COLOR ~ From the book More Is More Is More: Today’s Maximalist Interiors
© Carl Dellatore, September 27th, 2022. Rizzoli New York
Lush color is the key to maximalism, as is a willingness to split with established color theory. And don’t forget to add in an unbridled dose of creativity. Along with pattern and silhouette, color makes up the triad of the foundational elements in maximalist design. One might argue that color is the most important of the three.
Historically speaking, there are countless design luminaries who understood and employed a rich, maximalist approach to color in their work. Perhaps the best example is high-society designer Dorothy Draper and her landmark decoration of the Greenbrier hotel in White Sulphur Springs, West Virginia. Her brazen use of green, juxtaposed against red, reinvented a color combination that was once relegated to the end-of-year holiday season. And let’s not forget the boisterous mix of shades she conjured for each of the Greenbrier’s bedroom suites: yellow curtains against pink ceilings against red upholstery against teal-striped walls, plus riotous floral bedspreads for good measure!
And it’s impossible not to remember Billy Baldwin’s decoration of legendary fashion editor Diana Vreeland’s living room, affectionately dubbed the “garden in hell.” Published in Architectural Digest in the September/October 1975 issue, the crimson-clad salon, with its floral chintz–lined walls and matching curtains, most certainly set a few dinner-party conversations ablaze with its unabashed flair.
Other notable rooms with a maximalist approach to color include Albert Hadley’s legendary brass-lined oxblood library for Brooke Astor with its iconic La Portugaise chintz upholstery; Virginia-born tastemaker Nancy Lancaster’s drawing room on London’s Avery Row, with its walls sheathed in her famous “buttah-yellah” shade of yellow paint and festooned with corn-silk curtains; and Mark Hampton’s brownish black–walled library for Sue and Haydn Cutler, in Fort Worth, Texas, set off in sharp contrast by crisp white furniture and a neutral sisal rug. Even today, these rooms look bold and eye-catching. It’s obvious why they’ve earned a place in the annals of color-referenced design history.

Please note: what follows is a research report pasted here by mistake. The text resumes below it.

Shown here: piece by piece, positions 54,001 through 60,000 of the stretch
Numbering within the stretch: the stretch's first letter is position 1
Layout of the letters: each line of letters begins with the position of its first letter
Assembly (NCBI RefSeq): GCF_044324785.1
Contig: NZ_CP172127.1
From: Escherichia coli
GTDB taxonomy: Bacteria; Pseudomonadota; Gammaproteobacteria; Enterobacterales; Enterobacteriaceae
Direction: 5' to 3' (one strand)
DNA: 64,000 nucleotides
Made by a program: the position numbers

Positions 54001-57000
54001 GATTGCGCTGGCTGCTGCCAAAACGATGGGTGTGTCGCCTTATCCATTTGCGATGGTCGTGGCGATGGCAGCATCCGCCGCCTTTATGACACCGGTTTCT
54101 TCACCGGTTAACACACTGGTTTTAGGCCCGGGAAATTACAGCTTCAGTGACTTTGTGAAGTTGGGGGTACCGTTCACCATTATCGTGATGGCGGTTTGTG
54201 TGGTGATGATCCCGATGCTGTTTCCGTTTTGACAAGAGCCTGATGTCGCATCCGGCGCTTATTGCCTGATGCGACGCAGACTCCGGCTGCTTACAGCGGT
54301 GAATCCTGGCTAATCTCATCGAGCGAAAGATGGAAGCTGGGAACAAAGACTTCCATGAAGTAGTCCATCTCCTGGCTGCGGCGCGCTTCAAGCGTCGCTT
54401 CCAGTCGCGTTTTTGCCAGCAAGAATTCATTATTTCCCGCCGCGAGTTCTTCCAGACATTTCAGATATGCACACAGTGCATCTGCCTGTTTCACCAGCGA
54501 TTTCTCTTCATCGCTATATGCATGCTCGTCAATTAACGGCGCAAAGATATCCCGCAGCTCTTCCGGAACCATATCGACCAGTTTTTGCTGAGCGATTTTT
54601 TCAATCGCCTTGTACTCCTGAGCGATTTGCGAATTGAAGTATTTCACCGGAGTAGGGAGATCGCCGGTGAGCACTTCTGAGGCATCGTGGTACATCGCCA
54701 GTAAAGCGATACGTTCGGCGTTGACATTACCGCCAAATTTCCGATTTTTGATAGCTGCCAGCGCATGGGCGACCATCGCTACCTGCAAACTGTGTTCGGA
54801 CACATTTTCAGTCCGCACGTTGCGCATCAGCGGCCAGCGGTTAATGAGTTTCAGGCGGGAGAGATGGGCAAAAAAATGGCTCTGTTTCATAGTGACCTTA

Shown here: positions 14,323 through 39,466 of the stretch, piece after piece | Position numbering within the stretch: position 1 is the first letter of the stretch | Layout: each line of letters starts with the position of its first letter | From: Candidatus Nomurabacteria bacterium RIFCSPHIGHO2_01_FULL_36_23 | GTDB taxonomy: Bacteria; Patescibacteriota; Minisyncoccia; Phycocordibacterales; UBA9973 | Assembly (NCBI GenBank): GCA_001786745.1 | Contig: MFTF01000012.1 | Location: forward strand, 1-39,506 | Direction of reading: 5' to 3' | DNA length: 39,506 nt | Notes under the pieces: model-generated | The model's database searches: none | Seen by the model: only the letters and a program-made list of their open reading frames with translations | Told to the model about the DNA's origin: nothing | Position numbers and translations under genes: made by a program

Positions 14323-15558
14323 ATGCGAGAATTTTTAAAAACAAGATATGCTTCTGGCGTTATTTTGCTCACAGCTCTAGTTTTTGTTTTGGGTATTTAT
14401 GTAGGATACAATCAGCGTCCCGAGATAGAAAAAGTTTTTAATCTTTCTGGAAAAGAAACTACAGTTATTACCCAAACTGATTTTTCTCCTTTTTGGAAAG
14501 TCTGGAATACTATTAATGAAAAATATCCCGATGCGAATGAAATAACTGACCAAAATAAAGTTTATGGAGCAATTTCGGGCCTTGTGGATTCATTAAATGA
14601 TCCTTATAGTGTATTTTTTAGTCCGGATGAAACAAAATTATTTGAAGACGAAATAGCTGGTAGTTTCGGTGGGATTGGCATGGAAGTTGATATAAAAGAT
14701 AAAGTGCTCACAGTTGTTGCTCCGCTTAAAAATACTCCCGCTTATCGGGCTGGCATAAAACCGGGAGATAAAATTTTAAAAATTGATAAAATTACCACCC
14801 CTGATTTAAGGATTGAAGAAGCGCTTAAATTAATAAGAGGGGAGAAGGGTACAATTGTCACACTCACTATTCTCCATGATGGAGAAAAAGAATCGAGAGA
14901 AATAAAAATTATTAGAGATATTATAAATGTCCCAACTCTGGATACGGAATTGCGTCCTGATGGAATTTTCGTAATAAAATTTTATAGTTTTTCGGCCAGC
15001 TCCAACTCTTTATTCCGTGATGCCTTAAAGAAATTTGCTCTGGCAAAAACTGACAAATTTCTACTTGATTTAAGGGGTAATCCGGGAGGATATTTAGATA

Today, as a culture we’ve pivoted to the eye-popping, kaleidoscopic, color-rich spaces that define contemporary maximalism. This all invites the question, How do I incorporate maximalist color in my home?
Esteemed interior designer Robert Couturier once told me, “I think the basics about color are like grammar: You need to learn it; you need to absorb it. And then you need to forget it. Taking risks with choosing color is key.”
Taking risks, indeed. As you turn the pages to enjoy the many glorious rooms included in this chapter, you will see designers pushing the limits with color, such as a living room inventively striped in vertical bands of progressive hues, drawing your eye around the space, or a room lacquered in a rich marine blue set off by a mix of eggplant-purple and lime-green furniture. Taking risks with assertive color creates one-of-a-kind spaces that catch the eye and delight the visitor.
How do you know if you’ve landed on the best color, or color combination? I respectfully defer to the aforementioned Dorothy Draper, who famously said, “If it looks right, it is right!”